Augmented Virtuality

     A system in which real multi-sensory input is provided, which supplements the visually presented virtual environment

     Directing the smell of coffee grounds to a user when she/he passes near a coffee maker in the virtual environment

     Turning on a heat lamp over the user when she/he approaches a spot in the virtual environment that is exposed to full sun

     Turning on a fan in front of the user when she/he approaches a spot in the virtual environment that is exposed to wind

    AR History

     1960s – First See-Through HMD (Ivan Sutherland)  1970-80s – US Air Force Super Cockpit (Thomas Furness)  Early 1990s

     Boeing coined the term “Augmented Reality.”  Wire harness assembly application (T. Caudell, D. Mizell).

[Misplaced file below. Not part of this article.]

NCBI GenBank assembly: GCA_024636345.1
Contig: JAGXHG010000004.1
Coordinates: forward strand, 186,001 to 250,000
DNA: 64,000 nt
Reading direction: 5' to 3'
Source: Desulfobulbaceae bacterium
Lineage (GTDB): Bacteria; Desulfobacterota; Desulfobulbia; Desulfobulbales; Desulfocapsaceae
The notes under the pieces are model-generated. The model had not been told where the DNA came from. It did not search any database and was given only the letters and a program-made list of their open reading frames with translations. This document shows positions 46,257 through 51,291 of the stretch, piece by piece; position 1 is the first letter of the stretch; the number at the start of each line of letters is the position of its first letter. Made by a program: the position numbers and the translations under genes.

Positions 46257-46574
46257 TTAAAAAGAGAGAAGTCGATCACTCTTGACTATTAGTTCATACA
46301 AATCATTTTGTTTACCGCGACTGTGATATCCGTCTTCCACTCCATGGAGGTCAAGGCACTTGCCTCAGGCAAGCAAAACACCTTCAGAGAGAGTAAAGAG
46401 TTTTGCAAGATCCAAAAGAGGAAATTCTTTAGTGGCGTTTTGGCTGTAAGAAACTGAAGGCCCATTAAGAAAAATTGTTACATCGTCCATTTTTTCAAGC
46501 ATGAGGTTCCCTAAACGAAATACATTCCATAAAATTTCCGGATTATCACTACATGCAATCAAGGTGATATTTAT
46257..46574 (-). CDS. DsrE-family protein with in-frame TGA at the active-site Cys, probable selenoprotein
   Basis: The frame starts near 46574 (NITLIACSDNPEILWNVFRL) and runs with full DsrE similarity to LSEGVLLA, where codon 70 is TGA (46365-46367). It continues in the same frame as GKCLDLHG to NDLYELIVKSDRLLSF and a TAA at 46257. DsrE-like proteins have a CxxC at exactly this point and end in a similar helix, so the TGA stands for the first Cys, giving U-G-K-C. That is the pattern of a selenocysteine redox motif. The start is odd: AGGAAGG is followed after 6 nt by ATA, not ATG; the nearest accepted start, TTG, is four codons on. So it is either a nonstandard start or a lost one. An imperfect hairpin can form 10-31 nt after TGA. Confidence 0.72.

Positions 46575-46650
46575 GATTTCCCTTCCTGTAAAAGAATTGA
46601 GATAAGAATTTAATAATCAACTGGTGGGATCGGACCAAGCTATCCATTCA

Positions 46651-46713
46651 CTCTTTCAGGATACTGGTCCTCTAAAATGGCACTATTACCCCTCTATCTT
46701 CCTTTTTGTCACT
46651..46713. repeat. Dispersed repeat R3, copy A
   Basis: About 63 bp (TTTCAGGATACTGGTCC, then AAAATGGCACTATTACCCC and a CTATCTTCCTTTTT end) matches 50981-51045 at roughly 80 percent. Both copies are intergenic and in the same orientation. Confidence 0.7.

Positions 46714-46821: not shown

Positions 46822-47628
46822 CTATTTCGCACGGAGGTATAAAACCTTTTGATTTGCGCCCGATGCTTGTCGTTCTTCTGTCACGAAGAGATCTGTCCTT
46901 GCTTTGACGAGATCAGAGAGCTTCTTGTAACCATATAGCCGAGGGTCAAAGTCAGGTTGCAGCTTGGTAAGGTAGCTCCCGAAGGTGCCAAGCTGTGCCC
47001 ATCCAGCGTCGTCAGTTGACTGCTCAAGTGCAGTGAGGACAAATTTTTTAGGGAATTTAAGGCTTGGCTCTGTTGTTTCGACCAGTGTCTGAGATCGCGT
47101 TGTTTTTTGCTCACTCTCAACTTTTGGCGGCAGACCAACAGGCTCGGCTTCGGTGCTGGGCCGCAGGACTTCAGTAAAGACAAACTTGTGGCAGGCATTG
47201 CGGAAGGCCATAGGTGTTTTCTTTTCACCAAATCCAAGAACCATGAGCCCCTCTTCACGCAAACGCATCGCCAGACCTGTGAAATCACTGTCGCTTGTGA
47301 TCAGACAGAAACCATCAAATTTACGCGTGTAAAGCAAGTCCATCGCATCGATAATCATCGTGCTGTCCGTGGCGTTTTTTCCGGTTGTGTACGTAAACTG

 Early to mid 1990s – UNC ultrasound visualization  1994

     Motion-stabilized AR display (Azuma)  First motion-stabilized AR display that works outdoors and

    achieves tighter registration than any previous outdoor AR system.

     1995 – Fiducial tracking in video see-through AR  1996 – UNC hybrid magnetic-vision tracker  Late 1990s – Collaboration, Outdoor applications  2000 – Augmented sports broadcasts

    AR History

    Surtherland’s “Ultimate Display”

    Furness’ “Super Cockpit”, a simulated virtual cockpit

  • AR History – Assembly and Maintenance

    Boeing HUDSET (Heads-up Display See-through head-

    mounted display)

    Layout Diagrams for the wire bundles appear “superimposed”

    on the layout board

    AR History – Assembly and Maintenance

    Assembly, maintenance, and repair of printer @ Columbia University

    AR History – Medical training

    Video See-through Augmented Reality HMD built on the basis of a Sony Glasstron LDI-D100 device

    HMD point of view image from a 1996 AR guidance experiment @